A study suggests that birds living in urban environments are smarter than birds from rural environments. It appears that city conditions may interfere at their cognition, behavior, and physiology, according to researchers from McGill University, Canada.
This is the first time that researchers have found cognitive differences when comparing birds from rural areas with birds from cities. The latter has shown bolder temperaments and better results at solving problems such as opening drawers to obtain food.
To analyze different behaviors of city birds and country birds, researchers subjected them to associative learning tasks and “innovative” problem-solving tasks. The paper has been published in the journal Behavioral Ecology.
Results would appear to show that birds from urbanized areas are more efficient at problem-solving tasks, moreover, they seem to have better immunity than birds from the country, according to Jean-Nicolas Audet, a Ph.D. student in the Department of Biology and first author of the study.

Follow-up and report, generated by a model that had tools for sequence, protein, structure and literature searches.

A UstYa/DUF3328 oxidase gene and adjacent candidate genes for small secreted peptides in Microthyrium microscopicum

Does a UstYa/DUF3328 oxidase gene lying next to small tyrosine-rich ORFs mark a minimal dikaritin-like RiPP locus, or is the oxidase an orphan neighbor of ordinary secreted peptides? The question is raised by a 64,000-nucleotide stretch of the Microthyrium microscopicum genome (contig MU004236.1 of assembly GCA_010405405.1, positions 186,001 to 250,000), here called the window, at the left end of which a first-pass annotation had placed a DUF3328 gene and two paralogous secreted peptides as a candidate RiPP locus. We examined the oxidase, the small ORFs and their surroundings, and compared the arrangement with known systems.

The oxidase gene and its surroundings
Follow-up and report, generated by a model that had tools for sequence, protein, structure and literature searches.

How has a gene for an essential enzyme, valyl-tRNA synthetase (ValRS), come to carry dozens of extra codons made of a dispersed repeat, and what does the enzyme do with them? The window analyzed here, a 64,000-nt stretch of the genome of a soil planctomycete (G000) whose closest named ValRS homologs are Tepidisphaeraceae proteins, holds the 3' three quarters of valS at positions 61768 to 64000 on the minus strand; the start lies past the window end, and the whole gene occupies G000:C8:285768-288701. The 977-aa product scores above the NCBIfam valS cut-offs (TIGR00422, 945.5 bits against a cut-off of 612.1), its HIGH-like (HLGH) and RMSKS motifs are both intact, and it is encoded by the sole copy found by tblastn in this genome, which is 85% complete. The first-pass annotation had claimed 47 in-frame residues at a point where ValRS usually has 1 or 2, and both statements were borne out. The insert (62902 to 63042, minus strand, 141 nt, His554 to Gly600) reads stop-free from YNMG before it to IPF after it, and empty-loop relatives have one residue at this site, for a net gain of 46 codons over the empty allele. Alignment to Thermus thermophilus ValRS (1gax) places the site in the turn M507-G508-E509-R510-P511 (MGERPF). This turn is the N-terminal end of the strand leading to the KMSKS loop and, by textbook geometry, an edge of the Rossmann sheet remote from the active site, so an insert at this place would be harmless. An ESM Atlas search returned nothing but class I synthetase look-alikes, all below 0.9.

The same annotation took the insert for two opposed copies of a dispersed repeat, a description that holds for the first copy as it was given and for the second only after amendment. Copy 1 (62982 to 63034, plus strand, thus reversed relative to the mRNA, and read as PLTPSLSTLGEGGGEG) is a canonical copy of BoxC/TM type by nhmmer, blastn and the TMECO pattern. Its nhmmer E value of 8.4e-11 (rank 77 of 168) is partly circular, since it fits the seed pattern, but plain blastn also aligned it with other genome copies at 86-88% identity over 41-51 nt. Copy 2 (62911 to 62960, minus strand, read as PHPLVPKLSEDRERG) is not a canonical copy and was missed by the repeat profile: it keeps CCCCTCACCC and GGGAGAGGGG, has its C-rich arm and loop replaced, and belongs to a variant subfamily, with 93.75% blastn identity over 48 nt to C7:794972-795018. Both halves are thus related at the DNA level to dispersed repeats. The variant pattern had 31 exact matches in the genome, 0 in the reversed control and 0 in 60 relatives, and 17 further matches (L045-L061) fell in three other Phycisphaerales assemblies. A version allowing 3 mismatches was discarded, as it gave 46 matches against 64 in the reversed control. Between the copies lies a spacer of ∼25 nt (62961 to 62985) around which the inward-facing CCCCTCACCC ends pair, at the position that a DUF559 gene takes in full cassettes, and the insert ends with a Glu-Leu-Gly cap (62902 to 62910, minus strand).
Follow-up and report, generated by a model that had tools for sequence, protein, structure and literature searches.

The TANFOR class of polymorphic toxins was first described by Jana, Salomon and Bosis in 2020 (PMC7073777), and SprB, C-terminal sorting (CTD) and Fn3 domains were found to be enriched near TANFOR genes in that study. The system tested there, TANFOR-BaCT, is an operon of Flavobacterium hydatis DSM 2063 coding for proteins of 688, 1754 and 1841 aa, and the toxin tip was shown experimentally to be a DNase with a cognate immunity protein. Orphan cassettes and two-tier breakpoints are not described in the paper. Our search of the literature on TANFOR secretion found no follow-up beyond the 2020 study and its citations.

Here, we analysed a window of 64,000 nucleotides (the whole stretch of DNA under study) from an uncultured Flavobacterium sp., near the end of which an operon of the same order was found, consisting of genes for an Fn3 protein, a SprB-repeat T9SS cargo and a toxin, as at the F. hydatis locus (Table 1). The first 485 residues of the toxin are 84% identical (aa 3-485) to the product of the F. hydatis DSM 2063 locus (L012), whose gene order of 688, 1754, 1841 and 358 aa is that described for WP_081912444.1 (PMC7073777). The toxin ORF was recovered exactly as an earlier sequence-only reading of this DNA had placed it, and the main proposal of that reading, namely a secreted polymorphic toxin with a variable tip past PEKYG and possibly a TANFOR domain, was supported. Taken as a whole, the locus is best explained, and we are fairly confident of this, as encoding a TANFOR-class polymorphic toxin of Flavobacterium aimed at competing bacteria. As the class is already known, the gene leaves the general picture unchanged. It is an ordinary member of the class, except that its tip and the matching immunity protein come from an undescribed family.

“Since urban birds were better at problem-solving, we expected that there would be a trade-off and that the immunity would be lower, just because we assumed that you can’t be good at everything’ (in fact, both traits are costly).” says Jean-Nicolas Audet, a Ph.D student in the Department of Biology at McGill University.
However, it appears that urban birds “have it all”, since they present better skills and also better immunity, which appears to be “surprising” to researchers from the study, as they mentioned in a video published Tuesday.
So, are humans helping animals to be smarter?
The tests were conducted in Barbados, where the team of researchers captured bullfinches from different parts of the Caribbean Island. According to Audet, Barbados is a great place to study the effects of urbanization, since it has very developed areas with buildings and human settlement while it also maintains virgin territories.
Researchers seem to suggest that humans have interfered in the development of the intelligence of species like the bullfinches, without being aware of it. It would be interesting if the team conducts similar investigations with other species, to see if their cognitive abilities change like it happened with bullfinches from Barbados.
Source: McGill University